The paranormal investigative team, Paranormal NYC, responds to people in distress who claim their house is haunted. But the pandemic has forced them to hold off on making any in-person visits, which are usually spawned from the 40 to 50 calls they receive yearly.

Lead investigator Dom Villella said people who inquire about his services typically live in fear of the unknown, and often seek to demystify those unknowns.

“It's the bumps in the night, the sounds, and the shadows and the cold spots, but I'll be honest, 98% of the time we figure out it's not paranormal,” Villella told Gothamist. He claims that the remaining 2% of the group's finds are confirmed paranormal activity. But whether real or imagined, Villela says clients find comfort after investigators have confirmed whether they have a problem on their hands.

There are currently five families on the waitlist for an investigation, and Villella doesn’t know when they’ll resume. “It’s for the safety of my team,” he says.

As squishy as the scientific evidence for ghosts might be, studies show that 45% of Americans say they believe in them, with 18% of adults convinced that they've seen or been in the presence of a spirit. That number may be going up in quarantine, since people are spending more time in their homes and reportedly seeing even more unconfirmed paranormal encounters.

Twilight Passages, a paranormal investigation team based in central New Jersey, has also had to stop practicing. Most of their ghost-hunting clients were businesses, so when COVID-19 shuttered New Jersey storefronts, the investigations stopped too.

Sandra Foley, lead investigator, said the team utilizes listening devices to detect spiritual beings and though she hasn’t seen a full-fledged apparition in action, she’s certainly felt their presence.

“Rocks thrown, being tugged on, someone being touched. Orbs. Lots of orbs,” said Foley.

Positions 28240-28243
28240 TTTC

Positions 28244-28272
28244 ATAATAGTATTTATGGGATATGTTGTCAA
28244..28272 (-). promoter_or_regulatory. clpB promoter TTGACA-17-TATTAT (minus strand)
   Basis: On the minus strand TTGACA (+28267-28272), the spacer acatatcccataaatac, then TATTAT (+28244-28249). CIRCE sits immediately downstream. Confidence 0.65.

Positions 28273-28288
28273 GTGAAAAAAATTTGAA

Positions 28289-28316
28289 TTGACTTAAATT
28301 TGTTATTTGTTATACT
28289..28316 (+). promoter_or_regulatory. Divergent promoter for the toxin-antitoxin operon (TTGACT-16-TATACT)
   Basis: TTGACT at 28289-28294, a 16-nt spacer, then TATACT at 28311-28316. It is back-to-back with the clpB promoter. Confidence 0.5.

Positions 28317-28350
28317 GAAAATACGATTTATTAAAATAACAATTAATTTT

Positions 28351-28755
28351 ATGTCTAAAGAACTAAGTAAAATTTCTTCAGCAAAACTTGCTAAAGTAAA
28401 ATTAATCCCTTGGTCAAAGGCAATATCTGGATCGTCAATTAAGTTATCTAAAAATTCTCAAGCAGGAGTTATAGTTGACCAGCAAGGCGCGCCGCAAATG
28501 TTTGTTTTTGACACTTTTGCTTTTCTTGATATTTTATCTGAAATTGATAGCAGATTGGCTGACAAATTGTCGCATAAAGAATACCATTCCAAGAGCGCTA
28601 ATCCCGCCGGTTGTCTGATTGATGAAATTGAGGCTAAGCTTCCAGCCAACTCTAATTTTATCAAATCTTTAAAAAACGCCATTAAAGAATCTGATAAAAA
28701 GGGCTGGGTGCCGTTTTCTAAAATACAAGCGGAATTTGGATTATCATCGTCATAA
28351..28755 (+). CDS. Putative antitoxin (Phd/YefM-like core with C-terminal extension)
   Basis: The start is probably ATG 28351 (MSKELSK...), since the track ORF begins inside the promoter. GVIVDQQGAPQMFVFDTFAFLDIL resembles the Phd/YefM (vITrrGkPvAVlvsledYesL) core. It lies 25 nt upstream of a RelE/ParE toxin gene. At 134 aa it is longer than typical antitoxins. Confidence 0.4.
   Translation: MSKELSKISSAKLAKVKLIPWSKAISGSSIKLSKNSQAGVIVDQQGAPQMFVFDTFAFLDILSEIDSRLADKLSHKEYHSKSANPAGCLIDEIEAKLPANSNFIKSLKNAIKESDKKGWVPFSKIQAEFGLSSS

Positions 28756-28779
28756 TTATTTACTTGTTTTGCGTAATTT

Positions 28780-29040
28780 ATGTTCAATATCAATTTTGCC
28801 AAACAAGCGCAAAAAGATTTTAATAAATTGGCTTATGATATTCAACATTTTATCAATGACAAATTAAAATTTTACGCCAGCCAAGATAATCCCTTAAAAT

Even though business is now, well, dead, Foley said she knows the spirit world remains very much alive. “The ghosts are still there, but no one can go inside to look for them,” said Foley.

Though it might seem like COVID-19 is slowing the ghost-hunting business, Villella of Paranormal NYC, expects the pandemic to be responsible for more business in the future. He says he has experience with how mass tragedy affects the paranormal, because his group started to get a lot of business after 9/11.

“The same thing’s gonna happen now, because of COVID-19 and people who died of COVID, especially in New York,” said Villella. “It won't happen right away. It will happen in 2022, we'll be bombarded with calls.”

Villella suspects that mass tragedies such as the pandemic, in which death came unexpectedly, often spur even more hauntings. “I think it's one of those things. They linger where they're used to, their homes, their businesses; that's what they think they're supposed to do,” said Villella.

So what should New Yorkers do if they have a ghost and no one to call?

Marie Pohl is a member of Paranormal NYC and wrote a book about looking for ghosts (it’s only available in German currently). She says the key is don't be afraid because ghosts can't hurt people. The goal is to try to listen across the divide.

“I always believe a ghost is a story wanting to be told, or wanting to be explored,” she said. “Say to yourself, okay if there's somebody here, or something, they want to communicate with me. So, what is it?”